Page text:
There are additionally a plethora of solutions out there that might be suitable for your case (e.g., a library implementing the Erdős–Rényi model for random graph generation, or a library to generate realistic time series data), and you can just forget about manually creating test instances of the search space. Sometimes it is just a matter of further converting such structures to yours, in some other cases you might need to end up developing your own generators (as I had to).
Profile your code
Even though you might be dealing with an NP-complete problem, it does not mean that you should settle for "bad" numbers once parameters start growing. In many cases, the problem might be in other parts of your code (or even worst, someone else's) that are superfluous to the approach. A useful kind of tool I found to detect this kind of problems in my code are code profilers. In the case of Java (I use VisualVM which nicely integrates with IntelliJ IDEA), a profiler keeps track of the memory usage (among other parameters) and time devoted at each method of your code that is being run. You just need to run the experiment with values large enough in the parameters and let the profiler show you where actually time and memory are being spent.
In my case, I was able to detect that more than 90% of the time was devoted to run SPARQL queries over Apache Jena's storage engine TDB which contained small amounts of metadata. After detecting this, I easily solved the issue by defining in-memory data structures that contained all necessary information for my algorithm. Then, the beginning of your algorithm might look something like this:
Systematically running experiments
Running experiments is extremely time consuming, and during the process many things can go wrong. The main goal here is to avoid that stumbling upon any unexpected issue causes you to start over the whole process. My approach here is to write scripts that are in charge of systematically running single experiments under a certain combinations of parameters. This way, if anything goes wrong I can "easily" resume at the point I want. A typical script would look like as follows.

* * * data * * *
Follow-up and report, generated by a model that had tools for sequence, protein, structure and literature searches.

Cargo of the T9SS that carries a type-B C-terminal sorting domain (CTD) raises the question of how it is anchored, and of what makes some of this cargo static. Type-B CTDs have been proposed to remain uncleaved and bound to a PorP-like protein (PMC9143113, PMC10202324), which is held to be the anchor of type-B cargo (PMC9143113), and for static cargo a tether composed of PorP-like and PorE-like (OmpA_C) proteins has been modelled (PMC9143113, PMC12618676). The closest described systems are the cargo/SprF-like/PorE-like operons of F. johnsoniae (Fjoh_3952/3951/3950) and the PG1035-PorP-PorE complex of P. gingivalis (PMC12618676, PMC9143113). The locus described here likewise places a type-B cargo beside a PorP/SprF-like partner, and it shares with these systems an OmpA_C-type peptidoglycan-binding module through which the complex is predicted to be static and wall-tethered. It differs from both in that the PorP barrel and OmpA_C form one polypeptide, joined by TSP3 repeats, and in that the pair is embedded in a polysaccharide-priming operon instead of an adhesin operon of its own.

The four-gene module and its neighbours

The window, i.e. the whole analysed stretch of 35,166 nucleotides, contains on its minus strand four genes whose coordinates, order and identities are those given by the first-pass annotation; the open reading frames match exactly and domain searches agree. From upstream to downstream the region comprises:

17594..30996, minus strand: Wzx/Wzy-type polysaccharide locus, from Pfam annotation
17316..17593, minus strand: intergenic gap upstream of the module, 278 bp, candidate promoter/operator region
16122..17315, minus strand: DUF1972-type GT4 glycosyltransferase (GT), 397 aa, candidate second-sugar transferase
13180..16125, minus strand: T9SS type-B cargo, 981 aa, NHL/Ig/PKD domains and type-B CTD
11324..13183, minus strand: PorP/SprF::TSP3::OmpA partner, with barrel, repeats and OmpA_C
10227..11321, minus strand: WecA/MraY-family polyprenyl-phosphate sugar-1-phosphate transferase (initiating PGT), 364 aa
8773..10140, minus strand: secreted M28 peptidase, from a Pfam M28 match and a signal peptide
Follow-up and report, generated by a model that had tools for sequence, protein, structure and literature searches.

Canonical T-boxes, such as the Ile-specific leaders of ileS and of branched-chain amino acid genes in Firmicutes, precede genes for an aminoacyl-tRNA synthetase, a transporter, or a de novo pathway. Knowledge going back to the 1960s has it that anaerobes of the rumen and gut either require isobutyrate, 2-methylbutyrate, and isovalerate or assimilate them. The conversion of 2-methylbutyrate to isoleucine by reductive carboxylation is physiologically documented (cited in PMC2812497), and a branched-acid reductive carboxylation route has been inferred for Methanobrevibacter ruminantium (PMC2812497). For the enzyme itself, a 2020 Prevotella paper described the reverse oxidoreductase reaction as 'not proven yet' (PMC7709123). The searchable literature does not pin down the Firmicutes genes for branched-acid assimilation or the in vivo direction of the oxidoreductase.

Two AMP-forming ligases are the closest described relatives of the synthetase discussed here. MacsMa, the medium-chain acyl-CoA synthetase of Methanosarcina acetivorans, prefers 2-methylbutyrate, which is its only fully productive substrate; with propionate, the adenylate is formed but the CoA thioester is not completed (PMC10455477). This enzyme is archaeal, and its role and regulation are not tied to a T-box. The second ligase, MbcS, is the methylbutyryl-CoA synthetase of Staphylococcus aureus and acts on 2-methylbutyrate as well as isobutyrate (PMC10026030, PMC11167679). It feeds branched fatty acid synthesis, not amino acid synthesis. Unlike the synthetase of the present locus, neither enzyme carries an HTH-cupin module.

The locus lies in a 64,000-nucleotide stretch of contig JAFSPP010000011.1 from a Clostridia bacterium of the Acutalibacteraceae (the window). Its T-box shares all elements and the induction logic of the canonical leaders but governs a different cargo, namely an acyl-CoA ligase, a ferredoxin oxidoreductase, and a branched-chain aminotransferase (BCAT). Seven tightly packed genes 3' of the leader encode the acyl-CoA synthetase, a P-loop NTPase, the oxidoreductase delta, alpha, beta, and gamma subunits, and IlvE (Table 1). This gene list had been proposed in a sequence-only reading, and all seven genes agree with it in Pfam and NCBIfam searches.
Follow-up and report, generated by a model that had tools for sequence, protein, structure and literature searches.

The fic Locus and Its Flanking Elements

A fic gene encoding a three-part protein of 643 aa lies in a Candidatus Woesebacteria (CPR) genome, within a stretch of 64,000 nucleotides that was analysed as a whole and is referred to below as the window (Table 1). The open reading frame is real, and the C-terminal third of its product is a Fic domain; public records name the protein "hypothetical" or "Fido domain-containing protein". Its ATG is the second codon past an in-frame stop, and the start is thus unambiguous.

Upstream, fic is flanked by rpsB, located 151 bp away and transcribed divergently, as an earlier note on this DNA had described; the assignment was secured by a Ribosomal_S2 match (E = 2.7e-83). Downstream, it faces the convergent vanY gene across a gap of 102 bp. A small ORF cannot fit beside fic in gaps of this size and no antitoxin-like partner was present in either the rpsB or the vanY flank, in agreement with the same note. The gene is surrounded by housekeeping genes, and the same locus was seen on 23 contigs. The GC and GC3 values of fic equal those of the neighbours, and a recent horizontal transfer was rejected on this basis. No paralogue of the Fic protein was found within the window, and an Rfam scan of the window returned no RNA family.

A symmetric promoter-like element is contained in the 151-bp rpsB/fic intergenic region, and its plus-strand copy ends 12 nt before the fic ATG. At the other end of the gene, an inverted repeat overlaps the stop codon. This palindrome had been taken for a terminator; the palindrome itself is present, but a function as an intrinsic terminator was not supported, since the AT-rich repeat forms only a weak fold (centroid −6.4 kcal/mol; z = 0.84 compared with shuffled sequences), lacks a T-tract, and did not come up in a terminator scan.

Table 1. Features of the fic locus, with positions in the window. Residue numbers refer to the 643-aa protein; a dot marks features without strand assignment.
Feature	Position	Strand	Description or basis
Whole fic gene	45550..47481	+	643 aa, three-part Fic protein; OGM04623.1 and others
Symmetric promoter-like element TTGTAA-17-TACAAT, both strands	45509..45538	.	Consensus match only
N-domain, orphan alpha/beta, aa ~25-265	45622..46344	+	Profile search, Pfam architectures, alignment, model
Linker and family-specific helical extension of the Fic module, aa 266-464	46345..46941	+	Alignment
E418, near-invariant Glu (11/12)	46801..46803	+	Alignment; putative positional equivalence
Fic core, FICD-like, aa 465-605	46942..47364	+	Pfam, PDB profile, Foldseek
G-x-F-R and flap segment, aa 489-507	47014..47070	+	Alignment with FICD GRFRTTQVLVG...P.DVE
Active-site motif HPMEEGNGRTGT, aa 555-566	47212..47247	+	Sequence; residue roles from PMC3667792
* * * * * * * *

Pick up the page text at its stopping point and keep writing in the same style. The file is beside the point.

Note I execute three times to account for variability (the number of executions you will need highly vary among different problems). Also, between executions I make sure to force the system to free all memory and caches that the previous execution might have left. Finally, the command I use to run my script for days is the following:
Once you have successfully executed all experiments it is time to take a look at the results and draw conclusions from them. However, it might be the case that you have hundreds or even thousands of lines with experimental data, where to start from? My recommendation here is to use your favorite BI tool to graphically explore the data. This kind of tools allow to easily create tables and charts with dynamic filters, so that you can vary the different parameters and see which results are the most meaningful for the paper. I generally use MicroStrategy Desktop, its free version is enough to load a CSV file and define the dimensions and metrics of analysis, with few clicks you can get visualizations like the following.
Finally, after deciding what data you will present in the paper it is time to get the charts ready. You want your charts to look professional, so please do not crop Excel charts (or even the ones generated in MicroStrategy). There are tools out there to generate plots that look way better on paper, if you are familiar with Python you can use matplotlib, otherwise you might use gnuplot.